While I was with them, I kept them in your name, which you have given me. I have guarded them, and not one of them has been lost except the son of destruction, that the Scripture might be fulfilled. John 17:12

 

Jesus was the good shepherd and looked after the flock, but now that he was leaving, Jesus asks the Father for Divine protection from the hate of the world.

I will remain in the world no longer, but they are still in the world, and I am coming to you. Holy Father, protect them by the power of your name, the name you gave me, so that they may be one as we are one. John 17:11

 

Keep them. Protect them. How can a name protect them? The name of God is reflection of the nature and being of God. Protect them in your nature and being. All powerful, holy God. In the same power that Jesus protected them.

 

Not a protection by removal.

My prayer is not that you take them out of the world but that you protect them from the evil one. John 17:15

 

A protection that comes through sanctification.

Sanctify them by the truth; your word is truth. As you sent me into the world, I have sent them into the world. For them I sanctify myself, that they too may be truly sanctified. John 17:17–19

Jesus asks the Father to continue the process of sanctification, setting apart, being made more holy, being made more like Jesus.

 

And how was this sanctification to happen, through the Word.

As Jesus’ words are heard, believed, and understood, the disciples’ hearts, lives and minds were changed. God’s message, through Jesus, as revealed by the Spirit, set the apostles apart from the world so that they would do His will.

 

But this transformation also happens through Jesus sanctification. Jesus being set apart to his work on the cross and the empty grave. The purpose of Jesus death, burial and resurrection is to set apart, sanctify people to God and His plans and purposes. The apostles were being transformed because of what Jesus did in his death, burial and resurrection.

 

Jesus sets himself apart for the work of the cross so we can grow in godliness.

Why? Jesus is asking that the apostles experience his joy as they become more and more like Him.

…but I say these things while I am still in the world, so that they may have the full measure of my joy within them. John 17:13

A joy that is found as we grow, see and experience more and more the glory of God. The greatness and completeness of God.

 

A divine protection that is not just defensive but proactive. He is not just defending the apostles against the world but also growing them to have an influence and effect on the world.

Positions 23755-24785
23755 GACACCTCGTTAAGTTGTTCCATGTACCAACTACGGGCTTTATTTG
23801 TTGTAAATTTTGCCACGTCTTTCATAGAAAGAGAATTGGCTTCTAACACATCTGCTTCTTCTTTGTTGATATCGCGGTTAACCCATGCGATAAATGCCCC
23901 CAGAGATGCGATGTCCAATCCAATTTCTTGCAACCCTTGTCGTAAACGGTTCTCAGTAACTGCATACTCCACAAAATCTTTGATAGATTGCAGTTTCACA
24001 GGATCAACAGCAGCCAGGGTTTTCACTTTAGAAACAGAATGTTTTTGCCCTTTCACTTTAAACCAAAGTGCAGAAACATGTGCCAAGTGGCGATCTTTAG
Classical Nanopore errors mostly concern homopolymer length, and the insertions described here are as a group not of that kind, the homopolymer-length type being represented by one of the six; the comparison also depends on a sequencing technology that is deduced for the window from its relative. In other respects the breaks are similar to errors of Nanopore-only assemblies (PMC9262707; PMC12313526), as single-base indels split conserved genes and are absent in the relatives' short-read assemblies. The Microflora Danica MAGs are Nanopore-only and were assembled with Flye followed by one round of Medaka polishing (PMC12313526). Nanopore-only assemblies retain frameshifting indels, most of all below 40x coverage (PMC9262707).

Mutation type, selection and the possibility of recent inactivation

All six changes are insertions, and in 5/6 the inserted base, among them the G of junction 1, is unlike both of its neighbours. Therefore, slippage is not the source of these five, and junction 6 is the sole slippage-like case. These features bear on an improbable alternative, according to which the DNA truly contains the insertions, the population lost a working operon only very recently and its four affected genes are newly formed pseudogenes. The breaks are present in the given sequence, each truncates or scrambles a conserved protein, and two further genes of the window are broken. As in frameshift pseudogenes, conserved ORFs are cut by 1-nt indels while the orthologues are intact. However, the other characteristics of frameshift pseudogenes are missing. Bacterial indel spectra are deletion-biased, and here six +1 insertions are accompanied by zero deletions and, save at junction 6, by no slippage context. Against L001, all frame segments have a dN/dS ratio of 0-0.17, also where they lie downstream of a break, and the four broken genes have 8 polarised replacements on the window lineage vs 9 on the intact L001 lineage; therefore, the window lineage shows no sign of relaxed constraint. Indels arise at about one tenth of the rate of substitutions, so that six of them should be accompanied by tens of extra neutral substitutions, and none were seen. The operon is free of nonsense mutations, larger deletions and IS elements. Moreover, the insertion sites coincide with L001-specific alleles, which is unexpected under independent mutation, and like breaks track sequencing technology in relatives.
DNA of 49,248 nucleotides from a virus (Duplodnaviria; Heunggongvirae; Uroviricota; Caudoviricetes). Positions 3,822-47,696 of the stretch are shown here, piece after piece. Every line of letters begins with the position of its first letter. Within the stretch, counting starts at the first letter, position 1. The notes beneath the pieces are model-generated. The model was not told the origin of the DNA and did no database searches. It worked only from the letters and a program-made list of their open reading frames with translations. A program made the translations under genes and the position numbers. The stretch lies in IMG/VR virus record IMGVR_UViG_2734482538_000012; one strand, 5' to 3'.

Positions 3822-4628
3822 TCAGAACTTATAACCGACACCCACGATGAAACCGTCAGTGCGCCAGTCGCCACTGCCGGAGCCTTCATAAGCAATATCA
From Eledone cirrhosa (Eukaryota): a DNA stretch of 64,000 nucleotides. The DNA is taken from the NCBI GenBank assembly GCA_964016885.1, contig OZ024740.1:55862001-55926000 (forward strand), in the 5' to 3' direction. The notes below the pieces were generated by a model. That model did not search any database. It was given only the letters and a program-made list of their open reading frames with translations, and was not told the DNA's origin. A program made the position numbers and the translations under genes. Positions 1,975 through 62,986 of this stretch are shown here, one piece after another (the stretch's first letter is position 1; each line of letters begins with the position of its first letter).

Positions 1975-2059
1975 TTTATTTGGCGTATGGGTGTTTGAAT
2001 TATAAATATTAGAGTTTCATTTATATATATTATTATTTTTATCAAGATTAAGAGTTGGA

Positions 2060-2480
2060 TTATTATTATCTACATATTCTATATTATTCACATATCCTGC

At the very heart of this divine authority and this divine protection for the apostles’ is…

  • The purposes and plans of the Father.

  • As spoken by the Son.

  • As revealed by the Holy Spirit.

 

And we have this, through the apostles. The very heart and mind of God. His Word.

 

Why did Jesus pray for his apostles? What did he request of the Father?

Sanctify them by the truth; your word is truth. John 17:17

Sanctify them. The divine process whereby God moulds us according to God’s nature and character. It is the very heart and mind of God influencing our heart and minds to the point that we think and live differently. And it is done most powerfully through the Word of God. A word that would come from the Jesus, through the disciples to us, through the power of the Holy Spirit.

 

So what are we do with a prayer that was for the apostles’? Next week Chris will share the rest of Jesus’ prayer which is specifically about us. But for today. Truths that we have read should assure us of the importance and divine nature of the Word of God.

 

It should also influence how we pray. We can be…

  • Thankful for the divine authority Jesus gives to those who he chooses and who believe.

 

We can be…

  • Thankful for the divine protection available from the Father through Jesus in the power of the Holy Spirit. A divine protection that is not just defensive but proactive.

 

We can be…

  • Thankful for the sanctifying/transforming power of God’s Word and desire to know and grow in and through the Word more and more.

We can be…

  • Thankful for the person and work of Jesus Christ that sees us able to be part of the purposes and plans of God in this world for the glory of God!

 

Jesus final request – Father give my apostles your divine authority, your divine protection, sanctify them so you will continue to be made known in this world.